Humans were created to live in relationship with one another.
In Genesis we read that God knew Adam would need more fulfilling relationships than simply having nature – humans need humans. (Genesis 2:18)
The foundational key to discipleship is relationship: This is how humanity exists and why Jesus endured the cross. Without relationships, discipleship fails. Thriving and sustainable churches understand that every ministry (from the welcome team to the worship band to the nursery volunteers and beyond) must build a culture that values people over programs. While programs are important to reach our mission to preach the Gospel, they are nothing more than a tool to further the mission.
We know relationships are key, but along the way church ministries start moving away from relationships into ministry management. Let’s be honest, relationships are tough! To be invested relationally with others means that you are committing your time, energy, finances, and care to a smaller group of people. It is far easier to serve on the outskirts of relationships than to be invested in others’ lives. So many fail to invest relationally and are consumed with busywork inside the church.
Below are three habits that, when left unaddressed, can hinder relational ministry.
3 Habits That Hinder Relational Ministry
Pastors know that you agree with the student ministry. If you didn’t affirm it, you would be seeking to serve at another church. Ministries do not need a head nod of approval but committed partners who are rolling up their sleeves to do work. Partners invest relationally.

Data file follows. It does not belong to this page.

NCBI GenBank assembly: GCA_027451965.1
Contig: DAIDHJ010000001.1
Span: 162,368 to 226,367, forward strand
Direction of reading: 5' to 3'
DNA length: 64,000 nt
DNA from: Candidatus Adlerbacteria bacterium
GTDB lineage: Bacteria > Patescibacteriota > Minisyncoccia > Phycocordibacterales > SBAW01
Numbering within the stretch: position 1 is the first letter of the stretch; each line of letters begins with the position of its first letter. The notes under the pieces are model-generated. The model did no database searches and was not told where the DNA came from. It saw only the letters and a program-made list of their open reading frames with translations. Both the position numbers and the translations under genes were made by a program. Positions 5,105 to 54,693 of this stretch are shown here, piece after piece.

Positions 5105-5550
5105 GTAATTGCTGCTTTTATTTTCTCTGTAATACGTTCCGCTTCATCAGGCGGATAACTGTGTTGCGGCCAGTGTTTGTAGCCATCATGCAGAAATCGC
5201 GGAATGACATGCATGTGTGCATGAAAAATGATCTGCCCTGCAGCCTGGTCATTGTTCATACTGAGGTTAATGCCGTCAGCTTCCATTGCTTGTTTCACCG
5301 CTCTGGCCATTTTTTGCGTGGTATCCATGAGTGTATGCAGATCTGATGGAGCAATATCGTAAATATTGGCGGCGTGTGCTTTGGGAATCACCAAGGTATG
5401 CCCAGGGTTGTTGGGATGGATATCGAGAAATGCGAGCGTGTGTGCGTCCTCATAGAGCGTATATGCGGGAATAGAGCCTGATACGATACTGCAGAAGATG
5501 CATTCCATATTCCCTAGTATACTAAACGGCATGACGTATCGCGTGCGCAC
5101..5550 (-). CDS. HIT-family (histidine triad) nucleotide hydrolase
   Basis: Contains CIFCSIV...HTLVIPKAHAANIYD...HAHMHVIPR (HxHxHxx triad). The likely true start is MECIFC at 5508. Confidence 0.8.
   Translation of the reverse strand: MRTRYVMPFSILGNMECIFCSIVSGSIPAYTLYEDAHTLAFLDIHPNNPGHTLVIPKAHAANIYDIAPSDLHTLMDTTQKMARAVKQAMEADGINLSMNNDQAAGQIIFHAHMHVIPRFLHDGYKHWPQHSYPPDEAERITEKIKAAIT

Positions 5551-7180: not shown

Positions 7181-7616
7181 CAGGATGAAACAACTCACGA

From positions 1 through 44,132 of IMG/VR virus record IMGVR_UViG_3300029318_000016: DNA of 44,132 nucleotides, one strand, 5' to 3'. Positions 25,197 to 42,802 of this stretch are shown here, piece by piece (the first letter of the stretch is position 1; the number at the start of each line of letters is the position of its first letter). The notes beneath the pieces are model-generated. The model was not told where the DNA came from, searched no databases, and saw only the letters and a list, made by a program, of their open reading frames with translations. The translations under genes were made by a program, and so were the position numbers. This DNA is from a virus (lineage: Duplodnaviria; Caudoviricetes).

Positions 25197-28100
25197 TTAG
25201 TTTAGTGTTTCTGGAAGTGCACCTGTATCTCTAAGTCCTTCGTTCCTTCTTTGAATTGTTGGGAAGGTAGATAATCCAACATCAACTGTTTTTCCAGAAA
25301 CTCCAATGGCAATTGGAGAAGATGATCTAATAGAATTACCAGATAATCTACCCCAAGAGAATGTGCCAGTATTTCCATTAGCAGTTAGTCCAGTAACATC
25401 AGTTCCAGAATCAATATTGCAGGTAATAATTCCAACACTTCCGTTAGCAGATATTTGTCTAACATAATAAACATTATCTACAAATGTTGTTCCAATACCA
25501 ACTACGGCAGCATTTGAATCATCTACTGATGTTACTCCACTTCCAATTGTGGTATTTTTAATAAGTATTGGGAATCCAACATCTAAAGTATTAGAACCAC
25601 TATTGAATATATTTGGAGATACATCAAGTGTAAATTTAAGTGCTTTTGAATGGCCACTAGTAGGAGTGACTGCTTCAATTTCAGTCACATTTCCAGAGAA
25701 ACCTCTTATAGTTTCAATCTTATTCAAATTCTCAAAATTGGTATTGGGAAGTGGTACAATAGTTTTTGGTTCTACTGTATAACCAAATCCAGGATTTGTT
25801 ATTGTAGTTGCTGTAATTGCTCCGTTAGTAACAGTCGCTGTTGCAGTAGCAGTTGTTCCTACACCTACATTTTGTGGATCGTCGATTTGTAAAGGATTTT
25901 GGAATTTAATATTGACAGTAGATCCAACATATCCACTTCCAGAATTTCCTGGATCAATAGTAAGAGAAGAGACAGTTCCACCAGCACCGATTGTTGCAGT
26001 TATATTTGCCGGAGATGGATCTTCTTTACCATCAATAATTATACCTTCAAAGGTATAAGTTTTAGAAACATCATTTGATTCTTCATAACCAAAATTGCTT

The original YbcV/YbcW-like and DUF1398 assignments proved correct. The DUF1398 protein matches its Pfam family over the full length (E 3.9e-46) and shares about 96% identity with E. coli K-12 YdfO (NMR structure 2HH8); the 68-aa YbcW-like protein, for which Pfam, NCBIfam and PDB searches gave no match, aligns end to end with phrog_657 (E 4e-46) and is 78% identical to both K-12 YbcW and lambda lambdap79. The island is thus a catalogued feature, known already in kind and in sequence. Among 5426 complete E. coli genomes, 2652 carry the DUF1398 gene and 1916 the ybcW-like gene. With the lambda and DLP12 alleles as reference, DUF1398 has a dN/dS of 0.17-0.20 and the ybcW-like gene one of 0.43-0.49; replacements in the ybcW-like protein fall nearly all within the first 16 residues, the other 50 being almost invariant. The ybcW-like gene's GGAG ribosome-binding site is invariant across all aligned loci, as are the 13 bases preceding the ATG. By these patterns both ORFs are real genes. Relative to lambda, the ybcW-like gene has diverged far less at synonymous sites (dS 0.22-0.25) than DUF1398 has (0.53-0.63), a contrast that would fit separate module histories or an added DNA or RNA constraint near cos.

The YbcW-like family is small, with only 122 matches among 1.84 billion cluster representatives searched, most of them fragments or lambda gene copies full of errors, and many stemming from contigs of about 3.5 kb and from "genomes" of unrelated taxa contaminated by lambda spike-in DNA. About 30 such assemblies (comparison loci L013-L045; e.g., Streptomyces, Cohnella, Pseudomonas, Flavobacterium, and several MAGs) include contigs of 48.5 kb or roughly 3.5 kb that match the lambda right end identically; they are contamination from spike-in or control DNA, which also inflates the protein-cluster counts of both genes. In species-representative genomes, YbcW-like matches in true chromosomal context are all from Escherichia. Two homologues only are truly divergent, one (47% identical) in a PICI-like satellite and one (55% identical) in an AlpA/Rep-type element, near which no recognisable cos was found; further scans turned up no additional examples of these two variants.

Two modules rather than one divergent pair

As a youth pastor and I chatted over coffee a few weeks ago, we discussed a weird phenomenon that church members fall into. It is the thought that asking other people about a person is the same as directly asking the person. Confused yet? Some people would rather pick up the phone and text 12 people to ask why someone has missed church instead of directly talking to the person who wasn’t there. If we are going to build relational ministries we need people to check in and minister directly to those in their small groups.
Handing out a bottle of water with your church’s name is an easy way to say you are doing ministry without actually building relationships. As I stated above, ministry happens through relationships and at times those relationships will be frustrating, costly, and time consuming. Ministry leaders must avoid service opportunities that promote service that is void of relationships. Don’t get me wrong, serving in tangible ways meets immediate needs, but if you never build a relationship you will never be able to make lasting impact.
In what areas are your ministries avoiding investing relationally?
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